He writes for everyone looking for, as O’Brien said, “the beauty and the meaning in the chaos.”

By delving headlong into the most complicated, personal, implicative narratives in his own life and in the lives of those he cares about most, O’Brien is doing for others what the confessional poets did for him.

“If I can write something that might be helpful to other people in some small way . . . I feel lucky to have that goal in mind,” he said.

The wherewithal to confront these intricacies and implications with raw honesty and empathy, as O’Brien said, is also his liberal arts education come full circle:

“My experience at Middlebury dovetails almost perfectly with the idea of being a writer, these ideas of a constant curiosity and learning for learning’s sake.”

Much like his senior thesis play, he said his induction into Phi Beta Kappa was incredibly affirming—an indication that he could be one of the professional writers he spent his adolescence in admiration of.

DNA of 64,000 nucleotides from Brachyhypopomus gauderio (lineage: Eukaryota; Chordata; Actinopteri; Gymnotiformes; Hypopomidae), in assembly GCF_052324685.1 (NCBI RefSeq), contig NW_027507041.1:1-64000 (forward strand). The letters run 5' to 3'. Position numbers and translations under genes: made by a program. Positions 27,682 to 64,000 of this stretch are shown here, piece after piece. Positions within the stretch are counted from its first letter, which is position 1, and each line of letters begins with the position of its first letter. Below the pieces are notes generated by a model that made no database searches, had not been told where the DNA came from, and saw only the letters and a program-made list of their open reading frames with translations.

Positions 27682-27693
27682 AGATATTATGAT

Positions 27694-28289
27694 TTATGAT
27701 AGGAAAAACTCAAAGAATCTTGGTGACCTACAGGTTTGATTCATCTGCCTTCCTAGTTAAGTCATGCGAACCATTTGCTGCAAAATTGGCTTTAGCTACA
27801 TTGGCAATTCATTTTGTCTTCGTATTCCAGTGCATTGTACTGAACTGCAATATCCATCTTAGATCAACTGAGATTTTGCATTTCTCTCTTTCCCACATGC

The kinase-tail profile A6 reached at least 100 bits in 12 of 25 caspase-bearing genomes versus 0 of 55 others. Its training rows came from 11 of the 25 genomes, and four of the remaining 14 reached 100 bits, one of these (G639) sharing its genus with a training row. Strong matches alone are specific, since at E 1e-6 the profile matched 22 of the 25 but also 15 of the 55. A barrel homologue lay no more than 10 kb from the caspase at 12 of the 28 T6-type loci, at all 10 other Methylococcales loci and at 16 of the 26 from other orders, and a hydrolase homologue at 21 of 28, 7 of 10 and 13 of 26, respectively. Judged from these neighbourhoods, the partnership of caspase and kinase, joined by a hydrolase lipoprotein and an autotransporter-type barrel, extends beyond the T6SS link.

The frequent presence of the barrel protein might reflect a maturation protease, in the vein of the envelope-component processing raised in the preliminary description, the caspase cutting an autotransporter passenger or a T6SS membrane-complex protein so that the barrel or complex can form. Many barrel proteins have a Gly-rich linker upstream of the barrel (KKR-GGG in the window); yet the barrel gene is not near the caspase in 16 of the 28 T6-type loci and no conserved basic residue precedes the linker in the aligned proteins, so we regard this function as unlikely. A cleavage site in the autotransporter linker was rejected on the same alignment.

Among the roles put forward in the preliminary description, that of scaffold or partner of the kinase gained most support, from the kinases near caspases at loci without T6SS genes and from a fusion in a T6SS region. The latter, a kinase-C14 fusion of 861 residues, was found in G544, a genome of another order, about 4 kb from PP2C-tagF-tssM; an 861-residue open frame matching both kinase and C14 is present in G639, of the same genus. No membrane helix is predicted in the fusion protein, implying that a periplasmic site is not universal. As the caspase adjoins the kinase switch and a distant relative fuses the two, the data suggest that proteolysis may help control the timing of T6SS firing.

“Doing something so personal, something I was so passionate about, it made me feel even more confident that I could make a go of it,” O’Brien said.

And he’s still going.

Will Zimmerman graduated from Wake Forest University in May 2023 with an interdisciplinary degree in journalism, film, and creative writing. He was inducted into the Delta of North Carolina chapter several weeks before his graduation.